## invest

Language/Type: Java method basics parameters return
Author: Marty Stepp (on 2010/12/28)

Write a method named `invest` that computes the interest earned on a financial investment. Once per year, the bank pays interest to the investor at a given fixed rate. As the investment earns interest, that interest is added to the investment and therefore the interest begins earning interest of its own ("compounding").

Your method should accept three parameters: the initial amount of the investment in dollars (as a real number such as `1500.0` for \$1,500.00), the yearly interest rate (as a real number such as `3.5` for 3.5% interest) and the number of years for which to invest (as an integer such as `6` for 6 years).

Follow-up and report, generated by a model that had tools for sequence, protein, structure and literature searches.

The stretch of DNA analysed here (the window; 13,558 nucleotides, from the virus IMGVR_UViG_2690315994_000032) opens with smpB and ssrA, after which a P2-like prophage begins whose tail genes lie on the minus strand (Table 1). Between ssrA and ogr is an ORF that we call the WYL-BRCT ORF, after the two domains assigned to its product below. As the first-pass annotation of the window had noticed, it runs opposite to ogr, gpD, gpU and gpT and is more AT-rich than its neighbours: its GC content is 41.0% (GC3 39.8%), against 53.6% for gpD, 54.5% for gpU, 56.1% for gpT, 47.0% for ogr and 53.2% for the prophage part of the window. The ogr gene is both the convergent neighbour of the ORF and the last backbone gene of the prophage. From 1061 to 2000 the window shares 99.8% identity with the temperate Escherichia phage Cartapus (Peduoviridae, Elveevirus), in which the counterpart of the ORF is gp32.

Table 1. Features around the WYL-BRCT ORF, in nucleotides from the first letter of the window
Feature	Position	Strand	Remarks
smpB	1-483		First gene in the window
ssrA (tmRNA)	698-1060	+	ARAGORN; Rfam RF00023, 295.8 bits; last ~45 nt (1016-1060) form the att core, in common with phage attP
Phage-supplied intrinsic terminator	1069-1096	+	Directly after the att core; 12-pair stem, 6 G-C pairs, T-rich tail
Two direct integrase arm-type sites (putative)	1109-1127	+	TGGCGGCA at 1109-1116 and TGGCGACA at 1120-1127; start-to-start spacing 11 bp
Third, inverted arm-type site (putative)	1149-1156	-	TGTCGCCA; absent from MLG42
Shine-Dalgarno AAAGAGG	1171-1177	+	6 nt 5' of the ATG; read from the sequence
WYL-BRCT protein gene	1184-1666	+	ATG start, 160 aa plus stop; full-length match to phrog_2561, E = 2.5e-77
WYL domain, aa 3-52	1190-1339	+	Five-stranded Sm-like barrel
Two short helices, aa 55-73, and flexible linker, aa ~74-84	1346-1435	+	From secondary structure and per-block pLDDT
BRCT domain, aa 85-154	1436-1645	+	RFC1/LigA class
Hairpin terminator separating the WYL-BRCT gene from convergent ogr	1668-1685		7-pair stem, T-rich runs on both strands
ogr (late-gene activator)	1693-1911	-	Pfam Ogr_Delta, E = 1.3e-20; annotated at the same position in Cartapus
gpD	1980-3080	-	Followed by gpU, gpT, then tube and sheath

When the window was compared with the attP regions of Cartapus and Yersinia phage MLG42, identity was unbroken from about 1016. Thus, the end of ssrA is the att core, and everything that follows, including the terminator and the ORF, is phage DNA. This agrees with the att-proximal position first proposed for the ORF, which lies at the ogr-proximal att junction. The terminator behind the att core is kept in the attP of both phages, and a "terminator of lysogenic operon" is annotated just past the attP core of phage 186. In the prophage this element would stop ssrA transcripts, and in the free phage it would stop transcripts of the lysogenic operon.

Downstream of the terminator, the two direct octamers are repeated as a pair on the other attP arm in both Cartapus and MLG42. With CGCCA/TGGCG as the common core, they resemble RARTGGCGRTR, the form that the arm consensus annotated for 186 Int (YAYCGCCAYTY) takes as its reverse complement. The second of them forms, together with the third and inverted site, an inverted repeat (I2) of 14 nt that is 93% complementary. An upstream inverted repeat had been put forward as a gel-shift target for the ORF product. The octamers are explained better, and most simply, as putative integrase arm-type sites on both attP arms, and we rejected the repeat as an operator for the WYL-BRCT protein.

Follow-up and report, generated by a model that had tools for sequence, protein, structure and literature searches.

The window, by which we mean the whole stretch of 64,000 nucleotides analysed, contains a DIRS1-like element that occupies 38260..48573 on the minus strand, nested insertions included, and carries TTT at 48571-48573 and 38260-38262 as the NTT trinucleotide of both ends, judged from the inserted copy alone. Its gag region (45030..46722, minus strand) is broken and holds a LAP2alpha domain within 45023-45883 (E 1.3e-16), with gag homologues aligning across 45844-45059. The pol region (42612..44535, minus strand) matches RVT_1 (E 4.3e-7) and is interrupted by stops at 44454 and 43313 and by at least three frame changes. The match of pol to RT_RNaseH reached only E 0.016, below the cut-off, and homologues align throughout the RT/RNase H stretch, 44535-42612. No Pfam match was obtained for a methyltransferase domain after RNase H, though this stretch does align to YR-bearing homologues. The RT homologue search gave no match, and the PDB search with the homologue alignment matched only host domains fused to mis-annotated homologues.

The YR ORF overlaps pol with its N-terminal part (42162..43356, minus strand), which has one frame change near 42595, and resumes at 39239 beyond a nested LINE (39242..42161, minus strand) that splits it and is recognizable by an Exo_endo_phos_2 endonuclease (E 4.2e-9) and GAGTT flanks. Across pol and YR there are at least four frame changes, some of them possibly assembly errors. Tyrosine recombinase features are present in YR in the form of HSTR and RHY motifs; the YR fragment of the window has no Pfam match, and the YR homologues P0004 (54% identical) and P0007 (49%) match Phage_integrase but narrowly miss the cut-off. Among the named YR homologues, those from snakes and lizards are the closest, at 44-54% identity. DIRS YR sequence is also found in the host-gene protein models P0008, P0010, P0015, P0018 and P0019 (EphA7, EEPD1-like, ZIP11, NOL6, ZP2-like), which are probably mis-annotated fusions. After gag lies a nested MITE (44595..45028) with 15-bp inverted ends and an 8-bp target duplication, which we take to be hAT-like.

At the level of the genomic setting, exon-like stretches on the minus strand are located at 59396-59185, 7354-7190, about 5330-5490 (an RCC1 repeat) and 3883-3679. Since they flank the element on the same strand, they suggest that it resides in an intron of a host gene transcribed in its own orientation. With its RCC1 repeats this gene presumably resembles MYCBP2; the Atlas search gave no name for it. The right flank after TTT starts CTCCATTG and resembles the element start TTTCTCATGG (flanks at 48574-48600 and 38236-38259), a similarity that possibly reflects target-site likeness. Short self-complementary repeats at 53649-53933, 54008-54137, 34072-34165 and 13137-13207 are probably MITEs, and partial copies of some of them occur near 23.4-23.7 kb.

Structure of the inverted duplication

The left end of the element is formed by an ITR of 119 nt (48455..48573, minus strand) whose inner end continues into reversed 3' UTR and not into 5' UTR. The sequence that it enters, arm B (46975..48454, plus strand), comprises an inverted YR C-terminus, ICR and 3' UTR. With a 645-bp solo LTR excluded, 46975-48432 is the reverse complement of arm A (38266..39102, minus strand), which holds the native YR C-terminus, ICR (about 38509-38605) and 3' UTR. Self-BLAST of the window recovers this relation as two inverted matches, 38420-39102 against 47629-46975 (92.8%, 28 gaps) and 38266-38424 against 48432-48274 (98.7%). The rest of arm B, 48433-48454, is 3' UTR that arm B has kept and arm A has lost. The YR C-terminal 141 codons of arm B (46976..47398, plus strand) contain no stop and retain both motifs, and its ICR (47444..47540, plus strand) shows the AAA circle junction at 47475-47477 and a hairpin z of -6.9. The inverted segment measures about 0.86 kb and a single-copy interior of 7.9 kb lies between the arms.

Your method should print the value of the investment after each year, as well as the total amount of interest earned over all years. For example, an investment of \$100.00 at 10% interest for 5 years would lead to this call:

```invest(100.00, 10.0, 5);        // \$100.00 at 10% interest for 5 years
```

The call would produce the following console output. Dollar amounts print with 2 digits after the decimal.

```After year 1: \$110.00
After year 2: \$121.00
After year 3: \$133.10
After year 4: \$146.41
After year 5: \$161.05
Total interest earned: \$61.05
```

Notice that we are not simply adding 10% of \$100.00 (or \$10.00) each year; that would lead to \$50 of total interest earned. The first year adds 10% of \$100.00, but the second year adds 10% of \$110.00, or \$11.00, leading to a total of \$121.00. The third year adds 10% of \$121.00, or \$12.10, leading to a total of \$133.10. The interest is cumulative.

You may assume that all parameter values passed are non-negative.